Animals and Society Institute
This independent research and educational institute works to enhance understanding of the complex relationships between humans and other animals and promote stricter animal protection laws. It edits two academic journals devoted to the subject (Society and Animals and the Journal of Applied Animal Welfare Science) and works with scholars and institutions nationwide to develop courses, minors programs, and more. It also has a directory of online courses on animal studies http://www.animalsandsociety.org/pages/has-online-courses .
Animal Studies at Michigan State University
This umbrella program focuses on the interdisciplinary study of the relationship between humans and other animals. The program includes a doctoral and master’s graduate specialization, cutting-edge research, a monthly seminar series on the MSU campus, and a registered student organization that connects academic initiatives with the local community.
Animality Studies at Colorado State University
Diverse projects within animality studies explore issues such as: the implications of how animals and animality are represented in literary and cultural texts; the distinctions various people make between humanity and animality; the ethics of relationships between humans and animals, including the impact of environmental problems on animals; the history of how people have thought about animality at different times and places; and the politics of various kinds of animal advocacy.
Humane Society University
This is a private, nonprofit institution with two learning environments that focus on human-animal interactions. The College of Arts and Sciences offers undergraduate degrees, graduate certificates, and graduate degrees. The School of Continuing Education provides a variety of professional development and personal enrichment topics in human-animal studies, law enforcement and disaster response training, animal shelter management and human resource leadership development.
New York University’s Animal Studies Initiative
The Animal Studies Initiative promotes and supports research and teaching in animal studies by administering an undergraduate minor in the field and sponsoring public events and workshops.
Wesleyan Animal Studies
Wesleyan describes this field as being of “critical importance today as the complex, but fragile interdependence of all life becomes increasingly apparent, and as scholars, artists, and activists seek ways to understand and enhance the lives of all animals. Wesleyan Animal Studies fosters scholarship on human-animal relations from a range of disciplinary and interdisciplinary perspectives.”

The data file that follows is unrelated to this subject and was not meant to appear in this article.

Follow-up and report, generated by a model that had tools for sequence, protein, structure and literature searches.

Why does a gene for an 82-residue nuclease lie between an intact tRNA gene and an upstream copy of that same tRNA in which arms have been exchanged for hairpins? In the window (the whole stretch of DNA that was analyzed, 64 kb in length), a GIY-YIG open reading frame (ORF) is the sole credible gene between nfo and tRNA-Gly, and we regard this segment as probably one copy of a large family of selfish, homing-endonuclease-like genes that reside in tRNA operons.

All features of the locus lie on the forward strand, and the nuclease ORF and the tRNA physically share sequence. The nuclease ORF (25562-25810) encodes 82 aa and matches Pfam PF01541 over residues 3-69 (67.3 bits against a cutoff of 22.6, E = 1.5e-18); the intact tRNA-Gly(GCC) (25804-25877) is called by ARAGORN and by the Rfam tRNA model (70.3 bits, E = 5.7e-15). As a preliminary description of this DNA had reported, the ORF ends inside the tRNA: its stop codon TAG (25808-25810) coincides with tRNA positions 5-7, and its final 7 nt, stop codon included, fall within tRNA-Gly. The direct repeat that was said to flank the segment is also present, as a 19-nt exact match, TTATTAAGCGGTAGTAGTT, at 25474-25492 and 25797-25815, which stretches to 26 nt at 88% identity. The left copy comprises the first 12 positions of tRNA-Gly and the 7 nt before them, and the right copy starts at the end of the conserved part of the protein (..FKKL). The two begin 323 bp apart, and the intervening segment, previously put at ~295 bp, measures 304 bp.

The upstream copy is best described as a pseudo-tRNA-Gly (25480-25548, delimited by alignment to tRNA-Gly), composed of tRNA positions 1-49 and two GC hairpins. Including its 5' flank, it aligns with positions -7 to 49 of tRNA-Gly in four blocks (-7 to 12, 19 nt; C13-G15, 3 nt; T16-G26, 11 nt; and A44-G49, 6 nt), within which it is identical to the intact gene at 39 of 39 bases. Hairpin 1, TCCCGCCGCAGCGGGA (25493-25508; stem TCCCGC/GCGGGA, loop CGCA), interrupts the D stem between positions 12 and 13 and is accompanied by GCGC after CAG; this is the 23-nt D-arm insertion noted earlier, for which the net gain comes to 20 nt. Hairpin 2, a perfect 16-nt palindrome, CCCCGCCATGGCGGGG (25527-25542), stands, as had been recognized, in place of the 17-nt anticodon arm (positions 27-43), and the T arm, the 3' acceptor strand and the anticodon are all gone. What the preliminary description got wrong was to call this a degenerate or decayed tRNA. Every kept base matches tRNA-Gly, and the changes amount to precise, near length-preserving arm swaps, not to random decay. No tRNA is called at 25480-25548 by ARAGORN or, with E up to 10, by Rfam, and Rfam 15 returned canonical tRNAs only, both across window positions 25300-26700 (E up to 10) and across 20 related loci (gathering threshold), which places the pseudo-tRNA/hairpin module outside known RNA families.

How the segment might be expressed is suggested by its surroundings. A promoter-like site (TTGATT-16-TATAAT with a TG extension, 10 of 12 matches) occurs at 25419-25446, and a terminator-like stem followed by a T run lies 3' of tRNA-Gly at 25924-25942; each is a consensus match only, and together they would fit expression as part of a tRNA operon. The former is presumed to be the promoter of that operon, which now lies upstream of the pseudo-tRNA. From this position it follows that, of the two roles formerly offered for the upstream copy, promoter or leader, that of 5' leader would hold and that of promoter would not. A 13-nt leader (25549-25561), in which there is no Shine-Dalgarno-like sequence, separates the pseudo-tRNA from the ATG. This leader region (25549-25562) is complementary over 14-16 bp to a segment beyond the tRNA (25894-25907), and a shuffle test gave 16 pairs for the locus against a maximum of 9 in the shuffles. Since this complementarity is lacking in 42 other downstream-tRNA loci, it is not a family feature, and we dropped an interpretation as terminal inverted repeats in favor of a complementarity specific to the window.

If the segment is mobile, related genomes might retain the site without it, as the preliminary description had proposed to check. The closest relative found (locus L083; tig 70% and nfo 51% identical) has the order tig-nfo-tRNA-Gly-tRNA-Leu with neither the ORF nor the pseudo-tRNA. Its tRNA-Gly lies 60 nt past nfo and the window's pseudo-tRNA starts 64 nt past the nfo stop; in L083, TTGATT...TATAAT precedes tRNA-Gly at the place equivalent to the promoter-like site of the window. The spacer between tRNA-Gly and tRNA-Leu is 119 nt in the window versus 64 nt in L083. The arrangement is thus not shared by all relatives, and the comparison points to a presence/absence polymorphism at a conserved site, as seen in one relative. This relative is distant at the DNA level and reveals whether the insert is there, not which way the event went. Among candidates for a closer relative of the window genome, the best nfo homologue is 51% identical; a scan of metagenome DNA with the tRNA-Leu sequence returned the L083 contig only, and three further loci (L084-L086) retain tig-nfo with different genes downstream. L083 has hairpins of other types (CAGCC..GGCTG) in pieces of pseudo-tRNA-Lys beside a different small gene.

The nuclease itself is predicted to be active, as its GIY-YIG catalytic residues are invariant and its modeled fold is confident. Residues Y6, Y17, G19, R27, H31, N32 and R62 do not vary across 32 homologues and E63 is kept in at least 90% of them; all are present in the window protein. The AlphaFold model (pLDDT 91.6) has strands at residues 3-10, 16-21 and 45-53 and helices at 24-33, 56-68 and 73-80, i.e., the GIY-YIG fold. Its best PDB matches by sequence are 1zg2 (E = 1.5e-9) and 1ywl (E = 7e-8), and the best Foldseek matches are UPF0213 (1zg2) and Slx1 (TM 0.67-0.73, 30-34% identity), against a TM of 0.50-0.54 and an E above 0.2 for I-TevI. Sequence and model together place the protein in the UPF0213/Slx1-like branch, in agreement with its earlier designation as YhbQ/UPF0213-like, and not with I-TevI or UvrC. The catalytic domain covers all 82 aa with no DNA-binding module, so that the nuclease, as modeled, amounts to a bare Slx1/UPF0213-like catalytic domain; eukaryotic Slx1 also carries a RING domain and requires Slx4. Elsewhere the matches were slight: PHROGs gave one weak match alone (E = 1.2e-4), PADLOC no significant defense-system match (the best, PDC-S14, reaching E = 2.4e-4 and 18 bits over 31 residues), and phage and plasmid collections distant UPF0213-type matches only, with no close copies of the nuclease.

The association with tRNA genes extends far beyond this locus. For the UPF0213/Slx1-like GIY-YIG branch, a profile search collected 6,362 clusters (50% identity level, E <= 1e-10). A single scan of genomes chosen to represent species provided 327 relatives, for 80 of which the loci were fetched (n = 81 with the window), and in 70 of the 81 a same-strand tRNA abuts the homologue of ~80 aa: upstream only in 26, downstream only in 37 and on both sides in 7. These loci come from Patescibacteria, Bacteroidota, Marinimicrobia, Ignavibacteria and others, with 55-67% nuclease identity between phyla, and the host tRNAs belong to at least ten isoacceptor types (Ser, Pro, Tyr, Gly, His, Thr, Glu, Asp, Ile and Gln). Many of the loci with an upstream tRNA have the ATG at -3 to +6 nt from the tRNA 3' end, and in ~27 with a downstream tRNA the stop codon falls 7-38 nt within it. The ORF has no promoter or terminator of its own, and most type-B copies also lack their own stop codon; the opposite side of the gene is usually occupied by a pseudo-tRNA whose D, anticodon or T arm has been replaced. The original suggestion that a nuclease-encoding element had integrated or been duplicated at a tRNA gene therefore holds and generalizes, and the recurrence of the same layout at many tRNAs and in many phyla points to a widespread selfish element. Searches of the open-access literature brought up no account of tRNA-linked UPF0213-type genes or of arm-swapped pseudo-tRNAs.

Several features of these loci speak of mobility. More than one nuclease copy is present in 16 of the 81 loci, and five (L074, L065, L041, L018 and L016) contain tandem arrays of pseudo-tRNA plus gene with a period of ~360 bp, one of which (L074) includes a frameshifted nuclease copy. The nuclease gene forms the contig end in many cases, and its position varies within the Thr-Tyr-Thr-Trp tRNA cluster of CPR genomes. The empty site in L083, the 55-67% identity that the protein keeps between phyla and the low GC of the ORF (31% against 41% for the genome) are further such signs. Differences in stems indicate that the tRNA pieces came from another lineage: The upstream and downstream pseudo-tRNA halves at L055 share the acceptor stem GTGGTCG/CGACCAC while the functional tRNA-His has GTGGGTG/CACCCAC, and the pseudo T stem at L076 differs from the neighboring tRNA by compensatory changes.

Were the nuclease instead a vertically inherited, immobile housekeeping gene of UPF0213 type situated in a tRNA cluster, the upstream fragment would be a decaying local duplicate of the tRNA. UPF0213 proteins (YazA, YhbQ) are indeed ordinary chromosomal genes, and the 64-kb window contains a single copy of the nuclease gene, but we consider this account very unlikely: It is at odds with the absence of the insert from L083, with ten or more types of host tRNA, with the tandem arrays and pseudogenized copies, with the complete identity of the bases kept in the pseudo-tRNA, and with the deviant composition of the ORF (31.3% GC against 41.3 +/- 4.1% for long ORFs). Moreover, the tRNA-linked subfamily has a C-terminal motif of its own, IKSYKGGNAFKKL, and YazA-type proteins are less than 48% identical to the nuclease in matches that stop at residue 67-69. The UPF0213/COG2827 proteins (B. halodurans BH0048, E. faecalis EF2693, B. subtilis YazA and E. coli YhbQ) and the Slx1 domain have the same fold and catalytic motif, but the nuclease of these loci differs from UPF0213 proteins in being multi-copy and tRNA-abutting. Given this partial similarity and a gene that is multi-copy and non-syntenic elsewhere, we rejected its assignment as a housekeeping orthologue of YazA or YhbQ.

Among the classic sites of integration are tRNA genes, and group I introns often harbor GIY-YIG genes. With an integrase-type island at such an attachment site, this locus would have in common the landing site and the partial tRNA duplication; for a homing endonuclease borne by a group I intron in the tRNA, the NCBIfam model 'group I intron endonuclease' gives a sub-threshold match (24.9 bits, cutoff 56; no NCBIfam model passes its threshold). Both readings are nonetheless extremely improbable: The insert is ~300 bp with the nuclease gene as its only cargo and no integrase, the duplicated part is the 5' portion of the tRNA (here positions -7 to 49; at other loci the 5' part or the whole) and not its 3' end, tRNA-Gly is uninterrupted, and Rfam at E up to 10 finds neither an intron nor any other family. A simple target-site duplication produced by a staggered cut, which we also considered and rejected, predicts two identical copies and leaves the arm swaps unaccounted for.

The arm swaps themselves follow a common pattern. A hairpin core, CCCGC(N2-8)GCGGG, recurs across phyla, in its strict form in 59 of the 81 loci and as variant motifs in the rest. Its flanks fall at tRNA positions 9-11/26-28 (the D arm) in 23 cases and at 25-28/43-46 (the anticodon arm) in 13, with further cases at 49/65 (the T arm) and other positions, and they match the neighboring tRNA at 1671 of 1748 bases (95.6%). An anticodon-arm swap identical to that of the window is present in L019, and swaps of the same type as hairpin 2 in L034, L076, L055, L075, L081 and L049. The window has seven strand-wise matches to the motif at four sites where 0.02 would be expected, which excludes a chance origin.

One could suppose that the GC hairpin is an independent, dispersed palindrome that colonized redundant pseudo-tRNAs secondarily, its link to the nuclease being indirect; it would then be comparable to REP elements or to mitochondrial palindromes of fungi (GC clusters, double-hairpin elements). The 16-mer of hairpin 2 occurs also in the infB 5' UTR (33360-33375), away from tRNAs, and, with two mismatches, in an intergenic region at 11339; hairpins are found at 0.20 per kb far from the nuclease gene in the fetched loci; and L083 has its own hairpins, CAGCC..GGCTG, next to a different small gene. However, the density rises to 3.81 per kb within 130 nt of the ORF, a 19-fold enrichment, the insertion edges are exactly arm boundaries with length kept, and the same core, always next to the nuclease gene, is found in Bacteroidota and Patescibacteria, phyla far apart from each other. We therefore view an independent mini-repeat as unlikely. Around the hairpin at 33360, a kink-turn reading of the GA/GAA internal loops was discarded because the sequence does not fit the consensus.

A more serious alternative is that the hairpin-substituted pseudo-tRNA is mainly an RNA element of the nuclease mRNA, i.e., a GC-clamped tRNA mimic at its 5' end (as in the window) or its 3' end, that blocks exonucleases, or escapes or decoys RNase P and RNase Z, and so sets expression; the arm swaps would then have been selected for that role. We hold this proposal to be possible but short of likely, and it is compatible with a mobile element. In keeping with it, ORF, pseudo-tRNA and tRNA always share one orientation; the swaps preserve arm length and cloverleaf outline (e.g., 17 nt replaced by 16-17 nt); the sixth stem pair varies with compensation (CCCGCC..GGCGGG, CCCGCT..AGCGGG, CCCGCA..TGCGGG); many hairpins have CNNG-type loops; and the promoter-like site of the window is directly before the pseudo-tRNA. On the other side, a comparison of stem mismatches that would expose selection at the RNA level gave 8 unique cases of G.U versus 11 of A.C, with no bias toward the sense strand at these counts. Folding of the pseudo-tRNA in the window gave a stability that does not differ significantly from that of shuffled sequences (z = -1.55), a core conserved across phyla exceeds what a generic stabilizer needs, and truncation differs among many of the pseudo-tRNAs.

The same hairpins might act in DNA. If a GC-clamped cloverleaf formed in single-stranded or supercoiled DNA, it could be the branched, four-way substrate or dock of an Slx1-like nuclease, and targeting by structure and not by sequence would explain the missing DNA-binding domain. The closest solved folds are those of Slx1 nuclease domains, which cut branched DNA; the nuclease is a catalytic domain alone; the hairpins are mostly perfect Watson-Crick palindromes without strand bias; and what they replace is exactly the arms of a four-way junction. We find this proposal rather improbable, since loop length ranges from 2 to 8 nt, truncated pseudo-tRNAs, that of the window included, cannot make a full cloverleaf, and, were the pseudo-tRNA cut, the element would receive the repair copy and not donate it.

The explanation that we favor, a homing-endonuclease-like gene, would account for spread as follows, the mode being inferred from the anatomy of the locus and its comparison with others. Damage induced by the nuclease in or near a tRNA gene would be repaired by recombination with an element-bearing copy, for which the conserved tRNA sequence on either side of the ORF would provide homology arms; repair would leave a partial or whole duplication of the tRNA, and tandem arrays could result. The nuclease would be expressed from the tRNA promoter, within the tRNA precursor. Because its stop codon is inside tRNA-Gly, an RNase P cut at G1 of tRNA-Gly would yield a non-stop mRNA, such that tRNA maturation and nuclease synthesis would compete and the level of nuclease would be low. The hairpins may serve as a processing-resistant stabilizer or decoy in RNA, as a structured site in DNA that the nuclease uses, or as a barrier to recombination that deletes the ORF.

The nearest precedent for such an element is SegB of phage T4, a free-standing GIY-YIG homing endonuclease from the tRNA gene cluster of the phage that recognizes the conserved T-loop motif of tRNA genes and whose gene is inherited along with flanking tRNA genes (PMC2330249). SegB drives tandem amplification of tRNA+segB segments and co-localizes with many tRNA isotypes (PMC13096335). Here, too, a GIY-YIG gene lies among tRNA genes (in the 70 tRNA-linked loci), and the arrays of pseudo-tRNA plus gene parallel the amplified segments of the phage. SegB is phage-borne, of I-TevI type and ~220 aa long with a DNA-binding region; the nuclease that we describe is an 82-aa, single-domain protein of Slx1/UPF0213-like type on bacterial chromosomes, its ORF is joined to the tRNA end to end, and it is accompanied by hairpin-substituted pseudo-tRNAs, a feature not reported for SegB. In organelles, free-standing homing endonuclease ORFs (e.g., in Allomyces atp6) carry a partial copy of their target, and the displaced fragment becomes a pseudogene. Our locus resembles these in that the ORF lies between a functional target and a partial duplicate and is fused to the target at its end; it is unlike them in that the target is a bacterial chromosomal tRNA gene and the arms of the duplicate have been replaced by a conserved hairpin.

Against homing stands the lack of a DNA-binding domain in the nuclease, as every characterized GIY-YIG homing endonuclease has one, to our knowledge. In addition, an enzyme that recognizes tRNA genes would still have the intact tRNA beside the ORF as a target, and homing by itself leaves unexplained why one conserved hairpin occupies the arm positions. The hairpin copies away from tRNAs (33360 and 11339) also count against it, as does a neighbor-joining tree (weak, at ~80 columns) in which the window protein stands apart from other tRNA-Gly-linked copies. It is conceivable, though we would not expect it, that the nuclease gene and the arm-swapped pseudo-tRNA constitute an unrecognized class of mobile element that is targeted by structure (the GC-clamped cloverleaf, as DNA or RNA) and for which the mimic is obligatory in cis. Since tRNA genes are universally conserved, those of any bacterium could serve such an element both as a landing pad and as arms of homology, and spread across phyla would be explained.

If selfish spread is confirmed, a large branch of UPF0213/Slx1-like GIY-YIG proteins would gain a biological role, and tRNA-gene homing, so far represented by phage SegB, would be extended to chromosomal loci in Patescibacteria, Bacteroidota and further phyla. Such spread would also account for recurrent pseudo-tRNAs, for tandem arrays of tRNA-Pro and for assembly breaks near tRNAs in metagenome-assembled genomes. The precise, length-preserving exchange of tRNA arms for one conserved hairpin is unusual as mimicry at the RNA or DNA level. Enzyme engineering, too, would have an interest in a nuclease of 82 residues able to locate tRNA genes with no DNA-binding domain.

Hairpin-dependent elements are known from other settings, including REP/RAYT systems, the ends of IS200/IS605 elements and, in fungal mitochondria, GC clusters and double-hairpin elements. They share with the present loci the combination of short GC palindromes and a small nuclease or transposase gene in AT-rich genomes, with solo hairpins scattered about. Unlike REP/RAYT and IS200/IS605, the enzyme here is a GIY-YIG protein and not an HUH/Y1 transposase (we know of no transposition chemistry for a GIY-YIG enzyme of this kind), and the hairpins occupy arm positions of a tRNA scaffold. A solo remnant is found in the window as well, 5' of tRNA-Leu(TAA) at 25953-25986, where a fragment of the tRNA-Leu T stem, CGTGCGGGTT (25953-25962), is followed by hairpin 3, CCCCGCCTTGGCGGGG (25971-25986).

Hastings Center Archive
These selected articles from the Hastings Center Report capture the evolution of the debate over the use of animals in research over the last three decades. The first article was published in 1985, when criticism of animal research policies was gaining ground. Several philosophers, led by Peter Singer, Tom Regan, and Bernard Rollin, had begun to question the way in which laboratory animals were used. Animal activists were breaking into laboratories to free animals and circulate videos of experiments that inflicted harm on animals. Research organizations defended their practices, and state organizations were established in support of animal research. The debate on animal research then entered a new phase, with an examination of the biological and philosophical meaning of animal pain and suffering, the moral status of animals, and justifications for using animals in research. Four years later, in 1990, a special supplement explored these issues in greater detail. The supplement, the outcome of a two-year Hastings Center project, laid out a the spectrum of views on the moral status of animals, raised questions on the justification of the use of animals in scientific research, and described the understanding of animal suffering at that time. It also detailed the challenges and controversies surrounding institutional animal care and use committees (IACUCs) and surveyed the policy issues, including gaps in federal regulations. These articles reveal much that has changed over the last three decades in debates over the use of animals in research, as well as much that has remained the same.
Rethinking the Morality of Animal Research
Jerrold Tannenbaum and Andrew N. Rowan
Animals, Science, and Ethics
Strachan Donnelley and Kathleen Nolan, editors
- Introduction: The Troubled Middle In Medias Res
- Ethical Theory and the Moral Status of Animals
- Animals in Science: The Justification Issue
- Critical Anthropomorphism, Animal Suffering, and the Ecological Context
- Ethical Review and the Animal Care and Use Committee
- Policy Issues in the Use of Animals in Research, Testing, and Education
- Future Directions